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Trucking exemption still in question after AB 5 clears hurdle

Legislation that could severely disrupt the owner-operator trucking model in California unless it includes a critical exemption cleared another hurdle on its way to the Governor’s desk.

Assembly Bill 5 (AB 5), which would codify the “ABC test” for employee status prescribed in the California Supreme Court’s 2018 Dynamex decision, passed the state senate’s Standing Committee on Labor, Public Employment and Retirement by a 4 to 1 vote on July 10.

Supporters of the legislation – which seeks to protect workers from employers that attempt to classify them as independent contractors instead of employees to avoid paying higher wages and benefits – turned out in force, with hundreds lining the halls outside the hearing room and attending a rally outside the Capitol in Sacramento following the vote.

“The Dynamex ruling was a moral proclamation by the state’s highest court with a message that rang loud and clear – enough is enough,” said Assemblywoman Lorena Gonzalez (D-San Diego), the sponsor of the legislation, in her remarks to the committee. “We cannot sit by while companies pass off their own costs of doing business onto California’s taxpayers and responsible businesses, while depriving millions of workers of the labor law protections that they are rightfully entitled to.”

But the bill in its current form would be a disaster for trucking owner-operators who wish to remain independent, they assert, because the three-prong “ABC” test that designates employee status in the legislation provides no leeway for independent haulers who happen to work for or with companies, such as truck brokers, whose primary business is trucking.

The Western States Trucking Association (WSTA) warned that the resulting liabilities that would hit employers as a result of a reclassification would mean some entities would refuse to work with owner-operators.

WSTA was confident leading up to the hearing that ongoing discussions with Gonzalez would result in an exemption from the employment test in the legislation, which had been secured by other industry sectors that thrive under the current law as independent contractors.

While acknowledging those ongoing discussions with the trucking industry at the hearing, Gonzalez also testified that the trucking industry presented “the toughest situation” because of two pending lawsuits – one filed by WSTA – “which puts us in an awkward position. We usually don’t intervene when there’s a lawsuit going on,” she said. WSTA and the California Trucking Association, in another lawsuit, allege that the Dynamex decision is preempted by federal law and therefore does not apply to the trucking industry.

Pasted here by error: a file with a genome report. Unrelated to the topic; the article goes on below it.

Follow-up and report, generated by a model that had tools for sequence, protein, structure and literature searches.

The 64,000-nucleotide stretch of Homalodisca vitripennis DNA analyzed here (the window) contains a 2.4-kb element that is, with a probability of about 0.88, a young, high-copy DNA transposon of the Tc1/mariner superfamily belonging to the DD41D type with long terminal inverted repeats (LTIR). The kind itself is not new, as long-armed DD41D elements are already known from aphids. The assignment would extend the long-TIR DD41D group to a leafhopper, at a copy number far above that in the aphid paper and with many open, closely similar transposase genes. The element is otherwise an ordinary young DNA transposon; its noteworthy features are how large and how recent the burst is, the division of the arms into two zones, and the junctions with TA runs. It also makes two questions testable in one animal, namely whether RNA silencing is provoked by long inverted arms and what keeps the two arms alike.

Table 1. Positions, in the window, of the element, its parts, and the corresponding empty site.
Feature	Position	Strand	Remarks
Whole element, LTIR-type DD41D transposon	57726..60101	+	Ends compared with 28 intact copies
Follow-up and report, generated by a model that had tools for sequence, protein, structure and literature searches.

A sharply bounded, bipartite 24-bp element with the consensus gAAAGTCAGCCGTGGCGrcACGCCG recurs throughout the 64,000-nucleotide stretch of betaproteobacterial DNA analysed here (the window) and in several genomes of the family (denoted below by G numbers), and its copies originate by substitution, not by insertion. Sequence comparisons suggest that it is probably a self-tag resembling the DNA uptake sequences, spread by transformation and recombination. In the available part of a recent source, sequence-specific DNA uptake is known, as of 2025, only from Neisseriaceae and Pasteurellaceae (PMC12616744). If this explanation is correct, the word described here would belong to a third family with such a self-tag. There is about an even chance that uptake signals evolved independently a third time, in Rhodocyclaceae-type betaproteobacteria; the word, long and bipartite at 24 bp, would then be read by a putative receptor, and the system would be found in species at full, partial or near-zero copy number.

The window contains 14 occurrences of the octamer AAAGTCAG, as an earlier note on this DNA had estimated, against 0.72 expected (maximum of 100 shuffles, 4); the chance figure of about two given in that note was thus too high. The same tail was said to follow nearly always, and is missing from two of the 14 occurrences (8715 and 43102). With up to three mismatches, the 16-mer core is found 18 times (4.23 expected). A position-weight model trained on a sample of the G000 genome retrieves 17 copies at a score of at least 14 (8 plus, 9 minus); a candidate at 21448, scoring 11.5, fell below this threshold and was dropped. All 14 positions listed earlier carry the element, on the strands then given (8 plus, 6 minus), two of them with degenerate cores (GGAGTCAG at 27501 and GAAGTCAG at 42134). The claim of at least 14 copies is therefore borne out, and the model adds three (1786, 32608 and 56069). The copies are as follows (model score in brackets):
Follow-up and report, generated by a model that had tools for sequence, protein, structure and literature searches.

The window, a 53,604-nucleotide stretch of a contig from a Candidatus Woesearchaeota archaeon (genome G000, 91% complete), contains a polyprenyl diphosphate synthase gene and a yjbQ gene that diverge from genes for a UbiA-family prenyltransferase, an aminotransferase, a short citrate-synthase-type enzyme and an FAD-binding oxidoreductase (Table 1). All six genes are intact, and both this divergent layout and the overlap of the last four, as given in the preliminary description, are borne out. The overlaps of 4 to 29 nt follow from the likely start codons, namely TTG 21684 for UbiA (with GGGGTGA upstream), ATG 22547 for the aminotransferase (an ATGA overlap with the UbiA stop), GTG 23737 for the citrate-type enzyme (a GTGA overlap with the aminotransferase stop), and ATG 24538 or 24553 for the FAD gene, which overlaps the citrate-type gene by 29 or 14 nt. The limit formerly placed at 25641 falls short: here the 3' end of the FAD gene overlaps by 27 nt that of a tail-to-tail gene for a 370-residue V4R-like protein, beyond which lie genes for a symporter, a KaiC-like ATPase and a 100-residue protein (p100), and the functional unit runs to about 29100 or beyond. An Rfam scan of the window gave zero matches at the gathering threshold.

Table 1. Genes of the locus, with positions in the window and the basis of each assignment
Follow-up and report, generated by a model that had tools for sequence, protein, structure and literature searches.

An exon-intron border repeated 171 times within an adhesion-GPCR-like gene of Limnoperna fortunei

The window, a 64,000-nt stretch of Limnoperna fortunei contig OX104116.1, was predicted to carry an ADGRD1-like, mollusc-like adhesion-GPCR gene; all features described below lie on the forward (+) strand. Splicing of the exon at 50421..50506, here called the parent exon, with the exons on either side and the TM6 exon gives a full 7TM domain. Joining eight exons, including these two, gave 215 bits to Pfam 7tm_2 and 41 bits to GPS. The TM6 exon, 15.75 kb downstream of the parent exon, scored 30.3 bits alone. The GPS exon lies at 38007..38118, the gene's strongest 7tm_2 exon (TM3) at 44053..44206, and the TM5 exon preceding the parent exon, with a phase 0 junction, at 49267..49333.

“There are so many different situations around trucking, and it’s an industry that we know historically has misclassified its workers,” Gonzalez added. “We are where we are today with the frustration in the courts largely because of the trucking industry.”

The future of the legislation itself also remains uncertain. AB 5 must next be taken up by the state senate’s Appropriations Committee, but that won’t happen until August after the legislature returns from a month-long summer break. It then goes to the Senate floor for a vote before coming back to the Assembly chamber for a concurrence vote. If passed, it would then head to Governor Gavin Newsom’s desk for signing. All must be completed before September 13 or the bill dies, according to a source familiar with the legislation.

“It’s difficult to say what will happen with AB 5,” the source told FreightWaves. “It easily passed the Assembly, but the Senate now seems to be a lot more moderate – it killed an extremely popular housing bill earlier in the year.”

One Comment

  1. What on Earth will California decide to fuck up next?! I can’t wait for the sane citizens left to overthrow the current representatives and/or it just breaks off into the Pacific once and for all.

John Gallagher

Based in Washington, D.C., John specializes in regulation and legislation affecting all sectors of freight transportation. He has covered rail, trucking and maritime issues since 1993 for a variety of publications based in the U.S. and the U.K. John began business reporting in 1993 at Broadcasting & Cable Magazine. He graduated from Florida State University majoring in English and business.